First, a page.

Mr. Violette, a ninth-generation Virginian and Ms. Burnett, a reference librarian, started their research of the sale by asking basic questions: How many of the enslaved were sold? Did they leave Florida after emancipation? Then, after visiting Middle Oak, they wondered: Could they be related by blood to the Monroe descendants in Virginia?
The researchers pored over archival records documenting shipping manifests, property inventories, bills of sale, death certificates. In a letter to James Madison, Monroe said he had arranged to have the enslaved taken in families. At least three couples — Dudley and Eve, Toby and Betsy, Jim and Calypso — along with their children, were sent to Florida, yanking apart the larger Highland enslaved community.
“The more we were able to find, the more we knew how important it was to try to help reunite these two communities,” Mr. Violette said.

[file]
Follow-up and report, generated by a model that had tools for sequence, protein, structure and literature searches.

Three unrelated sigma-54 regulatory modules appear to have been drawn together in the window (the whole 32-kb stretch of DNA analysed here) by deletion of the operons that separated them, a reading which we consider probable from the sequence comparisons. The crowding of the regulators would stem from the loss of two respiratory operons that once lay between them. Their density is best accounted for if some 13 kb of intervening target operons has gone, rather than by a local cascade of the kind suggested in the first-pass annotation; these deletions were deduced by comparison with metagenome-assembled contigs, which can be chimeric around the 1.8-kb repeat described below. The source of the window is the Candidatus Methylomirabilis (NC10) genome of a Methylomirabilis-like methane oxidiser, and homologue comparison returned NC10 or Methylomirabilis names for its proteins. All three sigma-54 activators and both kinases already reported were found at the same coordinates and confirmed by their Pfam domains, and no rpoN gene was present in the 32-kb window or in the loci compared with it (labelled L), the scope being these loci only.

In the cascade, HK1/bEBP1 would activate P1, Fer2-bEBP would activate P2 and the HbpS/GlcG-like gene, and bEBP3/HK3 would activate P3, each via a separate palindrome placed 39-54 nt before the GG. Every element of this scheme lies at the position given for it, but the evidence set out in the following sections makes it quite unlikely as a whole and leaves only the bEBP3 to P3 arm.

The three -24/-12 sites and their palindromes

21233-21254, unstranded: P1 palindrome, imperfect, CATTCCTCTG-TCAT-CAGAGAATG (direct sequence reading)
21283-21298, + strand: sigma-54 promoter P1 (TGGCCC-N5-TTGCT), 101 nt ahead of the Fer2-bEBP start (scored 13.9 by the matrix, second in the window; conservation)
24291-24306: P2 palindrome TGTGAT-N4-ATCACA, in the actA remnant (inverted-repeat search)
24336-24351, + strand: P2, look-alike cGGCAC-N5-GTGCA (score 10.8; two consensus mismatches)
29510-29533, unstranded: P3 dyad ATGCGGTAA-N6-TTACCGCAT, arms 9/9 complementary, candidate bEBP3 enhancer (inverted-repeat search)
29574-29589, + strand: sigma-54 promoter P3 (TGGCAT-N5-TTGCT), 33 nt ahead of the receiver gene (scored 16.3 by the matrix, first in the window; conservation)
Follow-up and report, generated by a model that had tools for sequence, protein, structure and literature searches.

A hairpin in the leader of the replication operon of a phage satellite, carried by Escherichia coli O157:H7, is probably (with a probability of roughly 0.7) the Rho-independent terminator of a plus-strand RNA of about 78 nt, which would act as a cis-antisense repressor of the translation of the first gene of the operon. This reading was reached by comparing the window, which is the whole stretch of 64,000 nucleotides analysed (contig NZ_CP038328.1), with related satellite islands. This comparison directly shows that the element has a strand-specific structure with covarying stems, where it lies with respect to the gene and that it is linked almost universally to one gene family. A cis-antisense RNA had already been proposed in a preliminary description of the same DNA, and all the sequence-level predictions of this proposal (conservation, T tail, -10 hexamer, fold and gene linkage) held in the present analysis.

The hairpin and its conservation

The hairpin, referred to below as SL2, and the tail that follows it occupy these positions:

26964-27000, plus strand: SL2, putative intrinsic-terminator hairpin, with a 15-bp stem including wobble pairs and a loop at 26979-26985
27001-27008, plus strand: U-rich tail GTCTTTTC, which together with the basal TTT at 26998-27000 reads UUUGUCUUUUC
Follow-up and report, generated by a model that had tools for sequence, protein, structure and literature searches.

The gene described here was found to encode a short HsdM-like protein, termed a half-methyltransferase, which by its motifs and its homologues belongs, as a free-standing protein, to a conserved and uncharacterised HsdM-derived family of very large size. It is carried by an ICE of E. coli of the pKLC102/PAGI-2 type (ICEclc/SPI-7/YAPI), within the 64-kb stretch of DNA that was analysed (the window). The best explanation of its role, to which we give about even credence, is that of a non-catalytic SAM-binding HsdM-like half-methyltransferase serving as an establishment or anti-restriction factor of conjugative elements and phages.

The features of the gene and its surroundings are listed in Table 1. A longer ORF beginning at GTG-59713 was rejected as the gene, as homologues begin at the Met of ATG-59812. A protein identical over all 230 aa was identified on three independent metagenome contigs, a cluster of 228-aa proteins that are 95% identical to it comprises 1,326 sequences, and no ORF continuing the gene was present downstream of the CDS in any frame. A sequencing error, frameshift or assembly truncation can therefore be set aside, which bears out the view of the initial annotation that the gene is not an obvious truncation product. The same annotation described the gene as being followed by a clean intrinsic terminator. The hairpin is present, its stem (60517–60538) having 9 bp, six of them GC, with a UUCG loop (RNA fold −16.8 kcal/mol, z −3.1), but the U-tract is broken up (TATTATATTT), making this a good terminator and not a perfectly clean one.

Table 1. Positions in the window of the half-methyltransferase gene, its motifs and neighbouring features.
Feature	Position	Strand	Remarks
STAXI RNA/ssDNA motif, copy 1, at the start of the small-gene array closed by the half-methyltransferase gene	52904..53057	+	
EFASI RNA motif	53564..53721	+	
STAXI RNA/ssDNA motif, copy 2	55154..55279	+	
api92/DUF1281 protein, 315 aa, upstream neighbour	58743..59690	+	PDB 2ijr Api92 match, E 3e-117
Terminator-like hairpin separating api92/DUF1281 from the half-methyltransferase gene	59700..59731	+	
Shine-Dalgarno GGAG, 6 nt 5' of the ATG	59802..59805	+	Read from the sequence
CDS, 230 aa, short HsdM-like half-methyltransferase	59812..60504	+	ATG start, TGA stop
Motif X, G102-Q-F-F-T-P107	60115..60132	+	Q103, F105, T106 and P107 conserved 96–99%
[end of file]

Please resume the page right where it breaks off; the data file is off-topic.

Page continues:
Fifteen months after Mr. Violette visited Middle Oak, he and Ms. Burnett visited another small church, this time in Florida. It was founded, in part, by children once enslaved at Highland. The researchers met about a dozen people in Monticello, including a woman whose grandfather was a descendant of Dudley and Eve, one on the enslaved couples sold to Florida, and the first direct link between the two descendant communities in Florida and Virginia.
Ms. Burnett cried as she described piecing together the life of Garrett Sanders, a son of Toby and Betsy, who was about 18 when he was sold with his parents and sent to Casa Bianca. After emancipation, he appeared in the 1870 census with his occupation listed as a blacksmith. Seven years later, he registered to vote, in 1867, and cast a ballot in the 1876 presidential election.
“It means he made it. He made it to freedom,” Ms. Burnett said. “It is an incredible discovery to find the evidence that an enslaved person was finally able to live free.”